Like little stars.
Sometime after he was told to drop out “before you make a bigger fool of yourself” and before we learned that he and his wife had racked up hundreds of thousands of dollars in debt at Tiffany’s, Newt Gingrich convened a conference call Tuesday afternoon in an effort to put a good face on what has been an epically disastrous presidential campaign rollout.
In particular, conservative activists and opinion-shapers are still fuming over the surprise criticism he leveled against Rep. Paul Ryan’s Medicare plan on Sunday’s “Meet the Press,” but according to the Washington Examiner’s Philip Klein, Gingrich insisted that his rocky start as a candidate is nothing remarkable, likening his campaign to … Ronald Reagan’s:
“Every once and awhile there’s going to be a problem, and you gotta spend three or four days fixing it,” he said. “If you go back and look at Ronald Reagan’s record, the opening week of the campaign in Sept. 1980, they didn’t have a very good week. And they had to go back and fix it. This happens occasionally. The trick is to relax, look at it, try to figure out what happened, and keep moving.”
This is one of Newt’s favorite devices — the “fatuous historical analogy,” as Jonathan Bernstein has labeled it. Here, we are supposed to believe that Gingrich is in roughly the same political situation that the patron saint of modern conservatism was when he embarked on his history-changing campaign three decades ago.
Why this is a completely absurd comparison should be fairly obvious, but for the record:
It is hard to find a presidential campaign rollout that has failed as spectacularly as Gingrich’s.
A logical parallel might be Joe Biden’s in the 2008 cycle; on the same day in January 2007 that Biden filed his paperwork with the Federal Election Commission, his infamous “clean, articulate” comments about Barack Obama appeared in a New York Observer story. Biden, like Gingrich now, was already a long shot for his party’s nomination, and the ensuing uproar merely validated why this was the case. But in another way, Biden’s botched rollout wasn’t nearly as destructive; the reaction from most Democratic elites was that poor old Biden had made another gaffe — not that he was a bad guy who needed to be condemned and isolated. The conservative establishment’s response to Gingrich has been much more hostile.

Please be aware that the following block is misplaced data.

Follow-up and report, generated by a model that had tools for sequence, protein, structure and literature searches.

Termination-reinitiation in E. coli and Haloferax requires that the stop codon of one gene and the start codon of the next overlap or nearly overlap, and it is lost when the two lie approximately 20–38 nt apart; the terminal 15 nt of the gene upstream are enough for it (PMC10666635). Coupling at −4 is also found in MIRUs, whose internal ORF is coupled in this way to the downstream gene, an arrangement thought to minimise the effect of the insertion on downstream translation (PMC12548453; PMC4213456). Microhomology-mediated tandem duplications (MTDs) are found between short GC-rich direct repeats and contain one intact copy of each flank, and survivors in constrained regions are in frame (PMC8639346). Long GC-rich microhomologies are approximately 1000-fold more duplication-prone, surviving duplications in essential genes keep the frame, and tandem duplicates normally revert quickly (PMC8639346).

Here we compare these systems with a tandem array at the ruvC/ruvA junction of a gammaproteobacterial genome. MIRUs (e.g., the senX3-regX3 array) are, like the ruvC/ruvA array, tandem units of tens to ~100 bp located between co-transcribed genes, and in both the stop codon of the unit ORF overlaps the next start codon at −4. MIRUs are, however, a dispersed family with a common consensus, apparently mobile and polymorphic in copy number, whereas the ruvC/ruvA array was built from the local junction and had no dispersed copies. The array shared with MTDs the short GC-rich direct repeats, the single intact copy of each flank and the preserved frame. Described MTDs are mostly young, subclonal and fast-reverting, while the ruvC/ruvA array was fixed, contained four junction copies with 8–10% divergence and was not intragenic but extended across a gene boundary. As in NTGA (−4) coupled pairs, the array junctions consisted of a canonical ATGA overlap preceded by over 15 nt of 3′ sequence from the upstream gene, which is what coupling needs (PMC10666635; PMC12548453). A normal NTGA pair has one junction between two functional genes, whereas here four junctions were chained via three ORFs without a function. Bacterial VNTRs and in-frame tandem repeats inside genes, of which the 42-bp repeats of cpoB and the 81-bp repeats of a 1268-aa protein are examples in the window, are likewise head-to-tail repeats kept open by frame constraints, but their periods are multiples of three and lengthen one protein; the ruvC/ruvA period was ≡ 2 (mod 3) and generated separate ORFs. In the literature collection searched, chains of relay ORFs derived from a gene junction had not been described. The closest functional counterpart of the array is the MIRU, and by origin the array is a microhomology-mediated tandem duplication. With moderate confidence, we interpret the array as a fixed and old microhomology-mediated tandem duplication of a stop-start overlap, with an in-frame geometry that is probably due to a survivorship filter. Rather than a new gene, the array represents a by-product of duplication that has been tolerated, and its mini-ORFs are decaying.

We’ve long known that Newt Gingrich is not a serious presidential prospect. In the last few days, the most influential voices in his own party have made it clear that they feel the same way. The question is: Will Newt ever realize it himself?
Steve Kornacki writes about politics for Salon. Reach him by email at SKornacki@salon.com and follow him on Twitter @SteveKornackiMore Steve Kornacki.
Like little stars.
World's best pie apple. Essential for Tarte Tatin. Has five prominent ribs.
So pretty. So early. So ephemeral. Tastes like strawberry candy (slightly).
My personal fave. Ultra-crisp. Graham cracker flavor. Should be famous. Isn't.
High flavored with notes of blood orange and allspice. Very rare.
Jefferson's favorite. The best all-purpose American apple.
New Hampshire's native son has a grizzled appearance and a strangely addictive curry flavor. Very, very rare.
Makes the best hard cider in America. Soon to be famous.
Freak seedling found in an Oregon field in the '60s has pink flesh and a fragrant strawberry snap. Makes a killer rose cider.
Ben Franklin's favorite. Queen Victoria's favorite. Only apple native to NYC.
Really does taste like pineapple.